Structuring Your Thesis


This workshop will offer an in-depth discussion of the macro, meso and micro-structuring of a doctoral thesis. There will be some individual and group activities and you are encouraged to bring in your own work, if at all possible (e.g. your thesis outline, a sample chapter or section).

Study Design and​ Statistical Terminology


In this workshop we will discuss some basic study designs, relating them to specific research questions. We will consider issues of sampling and randomisation, and explain common statistical terminology.

Introduction to Questionnaire Design


Questionnaire design and analysis seems a straightforward exercise, but a badly designed questionnaire can lead to meaningless data. In this workshop we will look at some published results of questionnaires, and critically appraise the process. We will also discuss general guidelines on design, question development and sampling issues.​

Descriptive Statistics


The first step in analysing any data set is to understand the data by summarising and presenting it graphically. This workshop will revise approaches to data summary and presentation, focussing on the use of appropriate measures of central tendency and spread for different variable types, and the correct graphs and charts that may be used. Some of the measures and plots discussed may be new to some students.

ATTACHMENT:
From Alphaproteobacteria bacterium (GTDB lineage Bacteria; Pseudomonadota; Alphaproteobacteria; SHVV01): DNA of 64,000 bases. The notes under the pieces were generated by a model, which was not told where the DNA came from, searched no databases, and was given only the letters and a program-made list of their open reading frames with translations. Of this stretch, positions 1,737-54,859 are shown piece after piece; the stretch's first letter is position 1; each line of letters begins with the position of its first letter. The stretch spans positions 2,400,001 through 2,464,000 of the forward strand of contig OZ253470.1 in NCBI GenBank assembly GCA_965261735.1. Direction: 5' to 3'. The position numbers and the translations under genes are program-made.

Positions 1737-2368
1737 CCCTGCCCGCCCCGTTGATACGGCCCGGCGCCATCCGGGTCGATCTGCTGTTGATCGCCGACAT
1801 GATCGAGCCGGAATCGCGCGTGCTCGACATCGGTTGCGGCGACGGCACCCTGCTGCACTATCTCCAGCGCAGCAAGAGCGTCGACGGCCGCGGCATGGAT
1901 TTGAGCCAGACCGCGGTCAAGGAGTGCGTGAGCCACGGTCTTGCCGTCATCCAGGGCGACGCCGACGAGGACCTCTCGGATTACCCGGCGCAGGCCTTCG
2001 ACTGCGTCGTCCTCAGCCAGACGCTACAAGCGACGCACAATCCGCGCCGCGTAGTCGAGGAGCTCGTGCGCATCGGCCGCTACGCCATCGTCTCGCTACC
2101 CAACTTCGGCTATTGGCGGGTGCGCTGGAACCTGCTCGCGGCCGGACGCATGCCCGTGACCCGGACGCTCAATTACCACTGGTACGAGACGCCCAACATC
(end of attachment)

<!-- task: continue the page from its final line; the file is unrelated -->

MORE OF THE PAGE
Introduction to SPSS


SPSS is one of the most commonly used statistical analysis packages, and has many advantages over using spreadsheets such as Excel. This workshop will be a hands-on session, in which there will be a quick overview of SPSS, and chance to work through some detailed examples on entering data, creating sub-sets for analysis and generation of tables and graphs.

Introduction to Statistical Interference


Statistical inference is the process of using a sample to make statements about a population. There are many different methods of analysis, depending upon the type of variables and design of the study. In this session we will introduce the Normal distribution, the most commonly used of the statistical distributions, and discuss the principles behind hypothesis (significance) testing, using the two sample t-test as an example. We will also define confidence intervals, and explain the relationship with hypothesis test results.​​

Introduction to Non-Parametric Statistics